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Genome Wide Methylome Alterations in Lung Cancer

  • Nandita Mullapudi ,

    Contributed equally to this work with: Nandita Mullapudi, Bin Ye

    Affiliation Department of Medicine/Pulmonary, Albert Einstein College of Medicine, Bronx, New York, United States of America

  • Bin Ye ,

    Contributed equally to this work with: Nandita Mullapudi, Bin Ye

    Affiliation Department of Bioinformatics, Albert Einstein College of Medicine, Bronx, New York, United States of America

  • Masako Suzuki,

    Affiliation Department of Genetics, Albert Einstein College of Medicine, Bronx, New York, United States of America

  • Melissa Fazzari,

    Affiliation Department of Genetics, Albert Einstein College of Medicine, Bronx, New York, United States of America

  • Weiguo Han,

    Affiliation Department of Medicine/Pulmonary, Albert Einstein College of Medicine, Bronx, New York, United States of America

  • Miao K. Shi,

    Affiliation Department of Medicine/Pulmonary, Albert Einstein College of Medicine, Bronx, New York, United States of America

  • Gaby Marquardt,

    Affiliation Department of Medicine/Pulmonary, Albert Einstein College of Medicine, Bronx, New York, United States of America

  • Juan Lin,

    Affiliation Department of Epidemiology & Population Health, Division of Biostatistics, Albert Einstein College of Medicine, Bronx, New York, United States of America

  • Tao Wang,

    Affiliation Department of Epidemiology & Population Health, Albert Einstein College of Medicine, Bronx, New York, United States of America

  • Steven Keller,

    Affiliation Department of Cardiovascular &Thoracic Surgery, Montefiore Medical Center, Bronx, New York, United States of America

  • Changcheng Zhu,

    Affiliation Department of Pathology, Montefiore Medical Center, Bronx, New York, United States of America

  • Joseph D. Locker,

    Current address: Department of Pathology, University of Pittsburgh School of Medicine, Pittsburgh, Pennsylvania, United States of America

    Affiliation Department of Pathology, Montefiore Medical Center, Bronx, New York, United States of America

  • Simon D. Spivack

    simon.spivack@einstein.yu.edu

    Affiliations Department of Medicine/Pulmonary, Albert Einstein College of Medicine, Bronx, New York, United States of America, Department of Genetics, Albert Einstein College of Medicine, Bronx, New York, United States of America, Department of Epidemiology & Population Health, Albert Einstein College of Medicine, Bronx, New York, United States of America

Genome Wide Methylome Alterations in Lung Cancer

  • Nandita Mullapudi, 
  • Bin Ye, 
  • Masako Suzuki, 
  • Melissa Fazzari, 
  • Weiguo Han,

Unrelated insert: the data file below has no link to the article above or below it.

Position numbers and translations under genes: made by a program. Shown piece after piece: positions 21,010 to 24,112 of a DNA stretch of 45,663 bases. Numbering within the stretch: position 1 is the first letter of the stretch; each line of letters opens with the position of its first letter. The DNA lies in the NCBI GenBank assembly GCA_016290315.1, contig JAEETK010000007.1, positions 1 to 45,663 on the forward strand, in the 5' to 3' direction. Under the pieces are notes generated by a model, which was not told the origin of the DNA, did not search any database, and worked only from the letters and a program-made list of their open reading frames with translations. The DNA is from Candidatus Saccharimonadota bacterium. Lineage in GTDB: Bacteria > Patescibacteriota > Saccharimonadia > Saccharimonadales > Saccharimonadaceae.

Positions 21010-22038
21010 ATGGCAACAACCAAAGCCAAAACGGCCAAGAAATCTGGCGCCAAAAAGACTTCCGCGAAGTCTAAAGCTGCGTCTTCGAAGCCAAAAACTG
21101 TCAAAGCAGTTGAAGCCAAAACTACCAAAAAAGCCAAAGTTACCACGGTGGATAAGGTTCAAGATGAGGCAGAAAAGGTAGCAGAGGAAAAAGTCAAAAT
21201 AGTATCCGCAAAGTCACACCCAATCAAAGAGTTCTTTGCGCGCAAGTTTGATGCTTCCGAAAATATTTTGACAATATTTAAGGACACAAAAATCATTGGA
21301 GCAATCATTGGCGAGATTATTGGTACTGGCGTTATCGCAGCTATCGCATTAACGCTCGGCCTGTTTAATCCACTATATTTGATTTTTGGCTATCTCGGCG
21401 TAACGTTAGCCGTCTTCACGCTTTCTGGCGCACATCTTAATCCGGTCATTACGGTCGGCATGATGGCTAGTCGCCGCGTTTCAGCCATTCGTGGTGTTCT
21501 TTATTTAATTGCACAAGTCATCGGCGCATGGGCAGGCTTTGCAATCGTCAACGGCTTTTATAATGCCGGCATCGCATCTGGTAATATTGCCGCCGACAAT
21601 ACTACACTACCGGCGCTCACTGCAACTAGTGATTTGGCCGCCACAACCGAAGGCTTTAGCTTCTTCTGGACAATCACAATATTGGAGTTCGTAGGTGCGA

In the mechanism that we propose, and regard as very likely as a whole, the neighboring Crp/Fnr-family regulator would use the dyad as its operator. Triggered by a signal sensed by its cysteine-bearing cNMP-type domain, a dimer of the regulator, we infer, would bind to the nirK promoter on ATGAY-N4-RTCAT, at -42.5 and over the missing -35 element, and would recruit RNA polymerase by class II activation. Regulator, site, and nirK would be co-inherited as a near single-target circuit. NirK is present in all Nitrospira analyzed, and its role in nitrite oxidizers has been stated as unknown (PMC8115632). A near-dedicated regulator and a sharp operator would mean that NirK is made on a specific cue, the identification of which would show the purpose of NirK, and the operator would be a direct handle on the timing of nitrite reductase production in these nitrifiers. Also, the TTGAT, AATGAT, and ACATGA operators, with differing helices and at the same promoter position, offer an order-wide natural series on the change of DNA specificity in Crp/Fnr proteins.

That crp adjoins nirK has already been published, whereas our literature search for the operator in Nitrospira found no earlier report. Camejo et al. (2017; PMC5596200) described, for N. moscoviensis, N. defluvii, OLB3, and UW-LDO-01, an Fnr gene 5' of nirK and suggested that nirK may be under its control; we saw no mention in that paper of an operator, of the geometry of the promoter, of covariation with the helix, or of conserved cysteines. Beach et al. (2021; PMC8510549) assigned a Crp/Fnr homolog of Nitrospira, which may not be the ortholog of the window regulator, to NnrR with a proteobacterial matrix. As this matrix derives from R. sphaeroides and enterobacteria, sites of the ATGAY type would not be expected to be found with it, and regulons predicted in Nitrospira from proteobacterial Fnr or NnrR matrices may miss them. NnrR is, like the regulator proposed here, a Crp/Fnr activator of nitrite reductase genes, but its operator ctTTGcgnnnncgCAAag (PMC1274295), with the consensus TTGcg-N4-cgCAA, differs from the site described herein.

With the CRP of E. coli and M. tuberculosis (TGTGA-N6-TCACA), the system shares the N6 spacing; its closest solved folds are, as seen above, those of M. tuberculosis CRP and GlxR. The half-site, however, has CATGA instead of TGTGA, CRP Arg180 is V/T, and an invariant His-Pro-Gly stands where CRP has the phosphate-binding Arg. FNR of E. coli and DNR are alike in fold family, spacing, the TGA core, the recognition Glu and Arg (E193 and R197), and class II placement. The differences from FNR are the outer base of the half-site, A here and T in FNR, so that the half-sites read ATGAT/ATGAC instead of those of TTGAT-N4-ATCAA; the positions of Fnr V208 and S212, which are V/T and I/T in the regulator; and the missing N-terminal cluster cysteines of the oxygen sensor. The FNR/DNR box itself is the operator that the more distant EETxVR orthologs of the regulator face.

• Miao K. Shi, 
  • Gaby Marquardt, 
  • Juan Lin, 
  • Tao Wang, 
  • Steven Keller
PLOS
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Abstract

Aberrant cytosine 5-methylation underlies many deregulated elements of cancer. Among paired non-small cell lung cancers (NSCLC), we sought to profile DNA 5-methyl-cytosine features which may underlie genome-wide deregulation. In one of the more dense interrogations of the methylome, we sampled 1.2 million CpG sites from twenty-four NSCLC tumor (T)–non-tumor (NT) pairs using a methylation-sensitive restriction enzyme- based HELP-microarray assay. We found 225,350 differentially methylated (DM) sites in adenocarcinomas versus adjacent non-tumor tissue that vary in frequency across genomic compartment, particularly notable in gene bodies (GB; p<2.2E-16). Further, when DM was coupled to differential transcriptome (DE) in the same samples, 37,056 differential loci in adenocarcinoma emerged. Approximately 90% of the DM-DE relationships were non-canonical; for example, promoter DM associated with DE in the same direction. Of the canonical changes noted, promoter (PR) DM loci with reciprocal changes in expression in adenocarcinomas included HBEGF, AGER, PTPRM, DPT, CST1, MELK; DM GB loci with concordant changes in expression included FOXM1, FERMT1, SLC7A5, and FAP genes. IPA analyses showed adenocarcinoma-specific promoter DMxDE overlay identified familiar lung cancer nodes [tP53, Akt] as well as less familiar nodes [HBEGF, NQO1, GRK5, VWF, HPGD, CDH5, CTNNAL1, PTPN13, DACH1, SMAD6, LAMA3, AR]. The unique findings from this study include the discovery of numerous candidate The unique findings from this study include the discovery of numerous candidate methylation sites in both PR and GB regions not previously identified in NSCLC, and many non-canonical relationships to gene expression. These DNA methylation features could potentially be developed as risk or diagnostic biomarkers, or as candidate targets for newer methylation locus-targeted preventive or therapeutic agents.

Introduction